WILLOW CREEK, Mont. – A tiny public school in Montana will be among the first in the U.S. to resume classroom teaching this week after being closed for nearly two months due to the coronavirus pandemic.
In opening its doors to several dozen of its 56 students and 18 staff members on Thursday, Willow Creek School is going against the advice of some education officials and against the grain of the vast majority of U.S. schools that plan to remain closed the rest of the semester.
District Superintendent Bonnie Lower says she knows the school is taking a risk in reopening for just 2 ½ weeks to end the semester for the students from pre-kindergarten to high school. But three-quarters of the parents surveyed in this farm and ranching community with a population of 250 want their kids to catch up on their studies and experience a little normalcy before the summer break, she said.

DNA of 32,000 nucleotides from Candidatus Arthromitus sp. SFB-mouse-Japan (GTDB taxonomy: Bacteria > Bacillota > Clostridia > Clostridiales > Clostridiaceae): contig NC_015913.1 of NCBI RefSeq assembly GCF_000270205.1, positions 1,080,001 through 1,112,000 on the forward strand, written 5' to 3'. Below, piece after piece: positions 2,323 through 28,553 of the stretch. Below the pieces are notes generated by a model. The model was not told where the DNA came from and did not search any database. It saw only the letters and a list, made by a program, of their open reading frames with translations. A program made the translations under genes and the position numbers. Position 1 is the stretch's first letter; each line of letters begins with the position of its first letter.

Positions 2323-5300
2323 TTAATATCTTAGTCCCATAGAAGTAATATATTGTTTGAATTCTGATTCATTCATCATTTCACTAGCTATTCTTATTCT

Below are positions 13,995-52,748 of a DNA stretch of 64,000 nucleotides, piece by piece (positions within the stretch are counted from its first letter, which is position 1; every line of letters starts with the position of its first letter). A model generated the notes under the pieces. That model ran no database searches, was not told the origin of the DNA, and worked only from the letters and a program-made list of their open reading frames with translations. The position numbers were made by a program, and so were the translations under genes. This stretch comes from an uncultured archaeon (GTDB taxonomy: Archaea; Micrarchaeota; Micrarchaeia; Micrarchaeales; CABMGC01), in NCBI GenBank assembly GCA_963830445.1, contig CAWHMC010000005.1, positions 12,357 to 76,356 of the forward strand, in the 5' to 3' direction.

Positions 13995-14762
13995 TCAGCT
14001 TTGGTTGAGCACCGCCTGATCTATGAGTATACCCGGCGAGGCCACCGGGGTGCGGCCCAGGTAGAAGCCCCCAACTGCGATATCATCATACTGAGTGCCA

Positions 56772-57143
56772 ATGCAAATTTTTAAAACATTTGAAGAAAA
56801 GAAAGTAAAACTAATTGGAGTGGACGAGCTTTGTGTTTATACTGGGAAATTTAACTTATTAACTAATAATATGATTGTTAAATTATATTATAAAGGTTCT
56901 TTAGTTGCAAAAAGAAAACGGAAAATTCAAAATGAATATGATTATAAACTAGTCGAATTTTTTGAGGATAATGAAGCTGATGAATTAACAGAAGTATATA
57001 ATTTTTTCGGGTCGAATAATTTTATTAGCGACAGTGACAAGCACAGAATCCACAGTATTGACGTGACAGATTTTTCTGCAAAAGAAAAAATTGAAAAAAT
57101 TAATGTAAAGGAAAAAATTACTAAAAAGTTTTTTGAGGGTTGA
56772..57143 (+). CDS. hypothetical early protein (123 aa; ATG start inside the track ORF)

“We ride that seesaw everyday — is it a good idea?” Lower said. “We’re not taking this lightly. We don’t want people to think we’re being irresponsible by making this choice. We’re trying to do what we feel is in the best interest of the students.”
Lower said the main advantages Willow Creek school has is its small student size and it’s relatively large two-story schoolhouse. If all 56 students had planned to come back, the school might not have reopened. But an estimated one-quarter of students plan to continue their studies from home, she said.
Forty-five states and the District of Columbia have ordered or recommended closures for the rest of the year, according to data collected by the publication Education Week. Four others have closure orders that expire this month.
Reopening schools prematurely risks another surge of infections and “runs the risk of undoing the work of the last two months,” according to the American Federation of Teachers.
Gov. Steve Bullock gave schools the option of reopening on Thursday, after previously reopening churches, restaurants and retailers.